Well, it was indeed a sad tale, with a joyful thread; it is in fact is Helen Brown's true story. I shared her rendered heart when Sam, her eldest boy, was struck down. I felt the warmth grow with each new antic of Cleo. I also felt increasingly annoyed each time she let loose her inner voice whining about some aspect of the budding relationship she was developing with Phillip.

It is strange that Cleo is and is not the main character of this book. She grows up with the family, and "teaches" them how to focus on the positive. Right up until the end, when she is a 24 year old queen cat!

I will always hold this book dear to my heart because of the honesty Helen showed in this telling. The most striking moment in the whole book for me is this paragraph in the first 50 pages:

It was no easier for Steve. A few days after the accident I awoke under a waterfall of his tears. He'd never cried in front of me before. I should have reached out and embraced him then, but I was half-awake, unprepared. Distraught, momentarily confused. I simply asked him to stop. I didn't imagine the request would be taken literally and he'd never express sorrow in front of me again.

This paragraph alone describes what has become of the relationship with her first husband while they are both wallowing in sorrow. I was angry at Helen here: she *broke* her man; but on a deeper level I knew it was just the skin of a bubble bursting. It is a portentous moment of stark narrative clarity in a sea of misery that can only be told in hindsight.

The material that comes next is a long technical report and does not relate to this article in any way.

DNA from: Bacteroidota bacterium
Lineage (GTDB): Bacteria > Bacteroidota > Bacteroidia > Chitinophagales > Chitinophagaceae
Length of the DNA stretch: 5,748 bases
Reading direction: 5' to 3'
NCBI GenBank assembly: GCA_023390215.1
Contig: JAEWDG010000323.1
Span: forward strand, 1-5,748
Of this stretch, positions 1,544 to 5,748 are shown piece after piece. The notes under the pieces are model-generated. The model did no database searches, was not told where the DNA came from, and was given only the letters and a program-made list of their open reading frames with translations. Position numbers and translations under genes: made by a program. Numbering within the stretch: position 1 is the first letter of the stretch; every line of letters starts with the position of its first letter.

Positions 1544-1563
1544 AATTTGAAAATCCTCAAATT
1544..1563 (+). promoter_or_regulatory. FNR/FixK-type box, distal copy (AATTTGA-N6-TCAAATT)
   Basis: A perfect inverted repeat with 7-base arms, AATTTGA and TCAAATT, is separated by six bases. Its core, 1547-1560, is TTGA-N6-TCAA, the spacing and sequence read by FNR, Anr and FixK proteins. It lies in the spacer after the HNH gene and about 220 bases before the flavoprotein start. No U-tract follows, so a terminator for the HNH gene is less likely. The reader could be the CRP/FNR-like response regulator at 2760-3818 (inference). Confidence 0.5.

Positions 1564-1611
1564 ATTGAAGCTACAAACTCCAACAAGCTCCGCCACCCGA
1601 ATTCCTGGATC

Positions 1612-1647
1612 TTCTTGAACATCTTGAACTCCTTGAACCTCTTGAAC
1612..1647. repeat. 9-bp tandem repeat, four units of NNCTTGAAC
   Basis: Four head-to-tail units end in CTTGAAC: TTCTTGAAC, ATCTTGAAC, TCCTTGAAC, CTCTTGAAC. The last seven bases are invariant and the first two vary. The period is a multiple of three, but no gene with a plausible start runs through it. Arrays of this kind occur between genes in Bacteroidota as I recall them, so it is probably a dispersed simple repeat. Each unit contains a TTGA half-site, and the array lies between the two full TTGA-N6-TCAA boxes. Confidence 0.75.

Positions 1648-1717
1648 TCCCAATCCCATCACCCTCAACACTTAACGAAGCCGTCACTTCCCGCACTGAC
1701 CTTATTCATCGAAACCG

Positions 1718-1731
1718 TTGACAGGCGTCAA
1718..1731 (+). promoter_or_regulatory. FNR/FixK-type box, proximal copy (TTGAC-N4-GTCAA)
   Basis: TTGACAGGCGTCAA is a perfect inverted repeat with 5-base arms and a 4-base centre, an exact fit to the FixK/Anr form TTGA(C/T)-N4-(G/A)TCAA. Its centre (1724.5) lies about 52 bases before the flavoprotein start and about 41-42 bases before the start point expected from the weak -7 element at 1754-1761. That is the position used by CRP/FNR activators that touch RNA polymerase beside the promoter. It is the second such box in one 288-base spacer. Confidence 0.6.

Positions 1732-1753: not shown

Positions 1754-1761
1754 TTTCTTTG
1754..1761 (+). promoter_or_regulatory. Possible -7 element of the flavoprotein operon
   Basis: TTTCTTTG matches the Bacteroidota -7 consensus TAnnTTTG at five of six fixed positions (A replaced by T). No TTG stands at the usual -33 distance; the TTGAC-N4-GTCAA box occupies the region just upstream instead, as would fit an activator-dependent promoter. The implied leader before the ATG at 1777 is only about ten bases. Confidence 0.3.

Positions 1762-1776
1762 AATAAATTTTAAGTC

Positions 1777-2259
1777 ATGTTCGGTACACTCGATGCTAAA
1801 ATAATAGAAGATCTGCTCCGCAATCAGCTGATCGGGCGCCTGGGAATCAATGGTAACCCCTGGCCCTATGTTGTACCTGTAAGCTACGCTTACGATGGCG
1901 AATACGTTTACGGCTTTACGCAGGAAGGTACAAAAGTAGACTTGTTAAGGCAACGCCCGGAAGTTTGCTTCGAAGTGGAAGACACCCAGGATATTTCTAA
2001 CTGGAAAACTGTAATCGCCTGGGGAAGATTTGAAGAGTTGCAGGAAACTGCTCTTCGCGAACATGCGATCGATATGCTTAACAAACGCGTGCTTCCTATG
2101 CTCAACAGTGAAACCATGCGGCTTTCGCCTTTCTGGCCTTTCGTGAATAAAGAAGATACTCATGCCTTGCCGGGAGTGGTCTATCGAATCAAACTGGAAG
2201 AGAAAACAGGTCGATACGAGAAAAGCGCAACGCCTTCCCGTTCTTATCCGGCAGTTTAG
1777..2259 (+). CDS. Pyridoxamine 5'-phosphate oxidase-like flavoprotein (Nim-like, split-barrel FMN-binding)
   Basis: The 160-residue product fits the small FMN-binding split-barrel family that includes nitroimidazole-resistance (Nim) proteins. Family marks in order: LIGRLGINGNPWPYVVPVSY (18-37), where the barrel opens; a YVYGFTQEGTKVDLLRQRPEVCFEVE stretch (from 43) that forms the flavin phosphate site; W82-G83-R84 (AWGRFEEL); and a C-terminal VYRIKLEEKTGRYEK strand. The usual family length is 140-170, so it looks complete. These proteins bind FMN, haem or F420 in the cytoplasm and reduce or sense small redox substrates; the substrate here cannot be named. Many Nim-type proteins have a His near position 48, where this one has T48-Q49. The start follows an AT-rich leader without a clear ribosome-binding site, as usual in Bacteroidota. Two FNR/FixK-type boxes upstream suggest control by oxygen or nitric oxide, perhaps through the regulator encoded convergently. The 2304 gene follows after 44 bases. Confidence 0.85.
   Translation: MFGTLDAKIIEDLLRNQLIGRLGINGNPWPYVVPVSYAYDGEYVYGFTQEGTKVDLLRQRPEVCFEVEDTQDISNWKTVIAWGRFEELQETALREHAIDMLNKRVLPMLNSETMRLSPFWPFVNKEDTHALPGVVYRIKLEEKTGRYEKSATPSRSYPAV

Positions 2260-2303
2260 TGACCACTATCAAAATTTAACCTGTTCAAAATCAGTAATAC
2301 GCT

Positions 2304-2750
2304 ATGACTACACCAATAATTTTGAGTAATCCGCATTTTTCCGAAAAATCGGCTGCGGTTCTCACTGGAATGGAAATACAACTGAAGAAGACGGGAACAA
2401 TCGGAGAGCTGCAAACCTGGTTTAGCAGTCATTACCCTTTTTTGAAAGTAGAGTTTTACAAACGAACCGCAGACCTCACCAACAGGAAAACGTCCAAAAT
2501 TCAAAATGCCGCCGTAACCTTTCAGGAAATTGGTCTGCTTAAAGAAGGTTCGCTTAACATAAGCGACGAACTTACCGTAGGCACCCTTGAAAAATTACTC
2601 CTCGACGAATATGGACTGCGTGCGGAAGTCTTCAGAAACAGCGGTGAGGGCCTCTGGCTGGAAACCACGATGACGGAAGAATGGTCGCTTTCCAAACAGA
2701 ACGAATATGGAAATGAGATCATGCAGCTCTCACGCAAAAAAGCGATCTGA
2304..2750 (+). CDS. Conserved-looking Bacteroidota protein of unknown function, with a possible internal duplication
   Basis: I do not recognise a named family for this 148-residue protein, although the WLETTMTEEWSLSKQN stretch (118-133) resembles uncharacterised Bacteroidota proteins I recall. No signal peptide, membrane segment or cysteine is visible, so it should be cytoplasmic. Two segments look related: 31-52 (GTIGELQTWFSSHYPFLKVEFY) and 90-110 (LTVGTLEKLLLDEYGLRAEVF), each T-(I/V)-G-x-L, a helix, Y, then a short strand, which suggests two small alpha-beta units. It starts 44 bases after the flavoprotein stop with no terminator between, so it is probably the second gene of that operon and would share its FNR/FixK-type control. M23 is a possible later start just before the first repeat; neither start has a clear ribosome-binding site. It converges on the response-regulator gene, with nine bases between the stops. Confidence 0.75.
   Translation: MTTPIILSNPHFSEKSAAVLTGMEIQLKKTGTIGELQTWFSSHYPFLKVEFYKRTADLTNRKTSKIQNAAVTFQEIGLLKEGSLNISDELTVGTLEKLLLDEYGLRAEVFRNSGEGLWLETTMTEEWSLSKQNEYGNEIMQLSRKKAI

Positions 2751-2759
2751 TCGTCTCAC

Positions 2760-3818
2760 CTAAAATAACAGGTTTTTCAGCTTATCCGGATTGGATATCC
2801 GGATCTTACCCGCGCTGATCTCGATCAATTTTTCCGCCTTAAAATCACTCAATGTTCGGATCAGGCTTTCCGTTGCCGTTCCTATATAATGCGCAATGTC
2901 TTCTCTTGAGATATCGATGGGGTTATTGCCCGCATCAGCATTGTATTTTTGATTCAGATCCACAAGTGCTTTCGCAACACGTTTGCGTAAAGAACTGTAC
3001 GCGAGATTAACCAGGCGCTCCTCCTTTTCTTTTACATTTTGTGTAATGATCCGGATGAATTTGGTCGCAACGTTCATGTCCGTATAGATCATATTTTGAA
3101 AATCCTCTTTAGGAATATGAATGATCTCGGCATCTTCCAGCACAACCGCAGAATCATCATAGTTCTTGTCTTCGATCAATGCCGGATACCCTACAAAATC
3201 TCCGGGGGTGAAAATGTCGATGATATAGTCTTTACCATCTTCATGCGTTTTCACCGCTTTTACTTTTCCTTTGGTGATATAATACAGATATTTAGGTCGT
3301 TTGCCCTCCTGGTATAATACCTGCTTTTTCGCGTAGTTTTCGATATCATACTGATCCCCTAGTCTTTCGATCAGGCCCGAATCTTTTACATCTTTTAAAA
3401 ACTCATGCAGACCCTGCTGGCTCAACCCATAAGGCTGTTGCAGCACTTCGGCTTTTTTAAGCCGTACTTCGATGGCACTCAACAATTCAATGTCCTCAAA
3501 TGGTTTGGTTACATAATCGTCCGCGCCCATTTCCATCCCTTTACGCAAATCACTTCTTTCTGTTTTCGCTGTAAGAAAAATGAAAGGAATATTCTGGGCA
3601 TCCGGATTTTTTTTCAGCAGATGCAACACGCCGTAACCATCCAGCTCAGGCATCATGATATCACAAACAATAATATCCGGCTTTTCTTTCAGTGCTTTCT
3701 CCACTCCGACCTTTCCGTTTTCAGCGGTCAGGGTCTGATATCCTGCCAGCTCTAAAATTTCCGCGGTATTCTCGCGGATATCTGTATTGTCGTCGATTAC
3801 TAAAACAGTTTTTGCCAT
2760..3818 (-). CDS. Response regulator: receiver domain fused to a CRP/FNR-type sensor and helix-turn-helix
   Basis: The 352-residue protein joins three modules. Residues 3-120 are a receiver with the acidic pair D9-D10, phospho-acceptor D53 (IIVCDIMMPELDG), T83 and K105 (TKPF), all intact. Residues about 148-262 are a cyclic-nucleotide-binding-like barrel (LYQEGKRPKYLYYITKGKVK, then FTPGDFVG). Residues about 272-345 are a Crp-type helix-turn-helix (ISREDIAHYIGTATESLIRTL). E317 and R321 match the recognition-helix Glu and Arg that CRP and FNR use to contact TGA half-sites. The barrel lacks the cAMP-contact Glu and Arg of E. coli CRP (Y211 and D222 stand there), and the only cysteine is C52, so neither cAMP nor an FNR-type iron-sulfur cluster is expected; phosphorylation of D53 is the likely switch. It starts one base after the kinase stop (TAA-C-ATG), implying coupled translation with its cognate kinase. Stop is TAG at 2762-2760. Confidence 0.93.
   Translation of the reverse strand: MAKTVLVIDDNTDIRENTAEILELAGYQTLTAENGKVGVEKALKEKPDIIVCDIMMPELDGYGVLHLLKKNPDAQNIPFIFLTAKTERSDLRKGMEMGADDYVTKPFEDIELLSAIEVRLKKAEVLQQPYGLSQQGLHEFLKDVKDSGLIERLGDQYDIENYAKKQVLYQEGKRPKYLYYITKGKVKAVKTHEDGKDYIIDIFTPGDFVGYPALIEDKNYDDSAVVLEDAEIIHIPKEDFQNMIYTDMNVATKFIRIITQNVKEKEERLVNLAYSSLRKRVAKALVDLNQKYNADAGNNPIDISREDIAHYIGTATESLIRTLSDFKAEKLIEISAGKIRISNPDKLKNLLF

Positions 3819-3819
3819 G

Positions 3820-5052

A wonderful book - it makes me want to write the story of my cat, Nebulous - a grand 26 years old and still kickin (purring)!

See Helen Brown's website, upon which you can read the Cleo Launch Speech, Melbourne Australia, September 2009 and a page of letters people have written to Helen.

Sunday, August 16, 2009

Jedda's Story - not a Chihuahua

Jedda loves a
good belly rub!

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One day Mum called me with a strange request. "Robert, would you like a dog? It's not a Chihuahua!" This was peculiar: Mum rescues Chihuahuas after all.

I asked Mum why she picked up a non-Chihuahua in the first place. She told me the request came from an elderly lady, Marie, who lived in a flat by herself but was being moved into a care facility that wouldn't allow pets. (Why do they break up families like that?!)

Walk now?